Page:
'Pancake Spaghetti' Is Having a Moment on TikTok

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TikTokkers have moved on from NyQuil-soaked “sleepy chicken” to another bizarre trend: “pancake spaghetti.”

The novel dish went viral at the end of September, when Briana Archuleta posted a video of her husband Steven’s inventive creation. His creative take on the American breakfast staple involves cooking pancake batter in long, thin strands, placing the spaghetti-like pieces in a bowl, and serving the dish topped with syrup and powdered sugar. In the video, he twists the pancake spaghetti around his fork — just as you might with a bowl of pasta.

The video struck a chord with TikTokkers, where it has received over 9 million views and inspired countless copycat recipes.

“Wait, he’s a culinary genius,” one viewer wrote alongside a surprised emoji.

The trend isn’t without its detractors, however. Some commenters comment that the Archuleta’s dish (find a video tutorial below) was simply a funnel cake, though Briana notes in the comments that, unlike a funnel cake, her husband’s spaghetti isn’t deep fried. It’s also worth mentioning that similar dishes exist in other cultures, such as the Austrian dish Kaiserschmarrn, which is essentially a pancake scramble.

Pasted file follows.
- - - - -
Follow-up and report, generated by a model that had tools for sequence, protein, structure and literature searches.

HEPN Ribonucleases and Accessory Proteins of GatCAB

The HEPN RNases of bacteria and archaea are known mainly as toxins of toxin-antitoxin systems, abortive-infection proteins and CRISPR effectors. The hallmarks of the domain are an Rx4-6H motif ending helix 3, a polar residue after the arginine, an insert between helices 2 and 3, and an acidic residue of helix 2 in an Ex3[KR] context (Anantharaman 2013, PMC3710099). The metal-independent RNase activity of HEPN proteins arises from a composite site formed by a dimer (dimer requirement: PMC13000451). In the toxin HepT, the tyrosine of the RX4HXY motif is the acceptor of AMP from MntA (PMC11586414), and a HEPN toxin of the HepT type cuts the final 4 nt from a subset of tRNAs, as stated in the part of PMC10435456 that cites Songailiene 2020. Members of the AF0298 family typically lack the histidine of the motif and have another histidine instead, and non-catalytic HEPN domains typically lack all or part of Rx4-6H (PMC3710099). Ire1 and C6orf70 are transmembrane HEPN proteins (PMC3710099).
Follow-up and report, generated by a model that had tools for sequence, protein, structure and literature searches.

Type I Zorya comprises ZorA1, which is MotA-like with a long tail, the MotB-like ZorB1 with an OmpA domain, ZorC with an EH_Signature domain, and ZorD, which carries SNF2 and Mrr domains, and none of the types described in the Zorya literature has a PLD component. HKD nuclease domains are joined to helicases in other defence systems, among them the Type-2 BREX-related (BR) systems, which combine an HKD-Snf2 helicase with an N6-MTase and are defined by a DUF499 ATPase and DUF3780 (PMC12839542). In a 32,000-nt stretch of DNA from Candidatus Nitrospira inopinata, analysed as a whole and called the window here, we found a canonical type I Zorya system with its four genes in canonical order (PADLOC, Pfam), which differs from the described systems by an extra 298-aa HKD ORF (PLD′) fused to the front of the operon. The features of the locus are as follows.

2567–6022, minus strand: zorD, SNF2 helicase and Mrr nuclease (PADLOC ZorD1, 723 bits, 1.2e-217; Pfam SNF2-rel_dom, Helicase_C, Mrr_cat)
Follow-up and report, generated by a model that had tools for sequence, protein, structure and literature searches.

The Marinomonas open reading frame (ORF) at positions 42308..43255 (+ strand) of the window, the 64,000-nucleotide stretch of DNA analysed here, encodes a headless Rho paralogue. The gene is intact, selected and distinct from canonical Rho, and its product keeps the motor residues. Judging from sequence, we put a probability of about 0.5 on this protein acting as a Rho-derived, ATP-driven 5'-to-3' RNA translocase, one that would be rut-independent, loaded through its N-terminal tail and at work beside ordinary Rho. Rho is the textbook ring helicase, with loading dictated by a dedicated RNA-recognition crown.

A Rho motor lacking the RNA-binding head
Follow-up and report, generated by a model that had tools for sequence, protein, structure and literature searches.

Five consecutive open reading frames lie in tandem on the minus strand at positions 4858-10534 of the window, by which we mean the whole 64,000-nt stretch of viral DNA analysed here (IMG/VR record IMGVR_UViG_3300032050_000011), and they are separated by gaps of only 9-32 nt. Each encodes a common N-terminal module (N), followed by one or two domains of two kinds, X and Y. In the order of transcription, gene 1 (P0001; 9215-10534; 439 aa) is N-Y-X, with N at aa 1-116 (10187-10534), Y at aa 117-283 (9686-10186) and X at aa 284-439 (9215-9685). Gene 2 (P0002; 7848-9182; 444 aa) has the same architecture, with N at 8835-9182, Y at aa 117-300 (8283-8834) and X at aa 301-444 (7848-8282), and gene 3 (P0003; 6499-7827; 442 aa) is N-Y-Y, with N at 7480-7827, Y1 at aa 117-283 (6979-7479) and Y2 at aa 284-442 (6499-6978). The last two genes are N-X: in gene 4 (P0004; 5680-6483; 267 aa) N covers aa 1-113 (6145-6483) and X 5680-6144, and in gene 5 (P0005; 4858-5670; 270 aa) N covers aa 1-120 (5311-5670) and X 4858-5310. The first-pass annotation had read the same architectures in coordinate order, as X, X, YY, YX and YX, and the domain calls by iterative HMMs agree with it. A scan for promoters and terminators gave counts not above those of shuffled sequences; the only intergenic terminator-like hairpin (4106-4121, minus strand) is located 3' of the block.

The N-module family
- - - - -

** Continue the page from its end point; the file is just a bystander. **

Even if the idea isn’t entirely new, pancake spaghetti’s success online speaks to TikTok’s reach in the world of culinary trends. Since the short-form video platform’s inception, TikTok has been a breeding ground for some of the internet’s wackiest food experiments and mashups, including the espresso orange juice combo, butter boards, and the infamous NyQuil chicken challenge.

Gallery: 15 Food Hacks From TikTok That Live Up to the Hype

One popular explanation for the rise of food TikTok (aka Foodtok) is the pandemic, which not only sent food service workers home but also generated a huge appetite for intimate cooking videos. Though the pandemic restrictions have lifted, that appetite continues to be as strong as ever. Since the end of August, the #food hashtag has seen a 20 billion increase in views, bringing the cumulative total to a whopping 382 billion.

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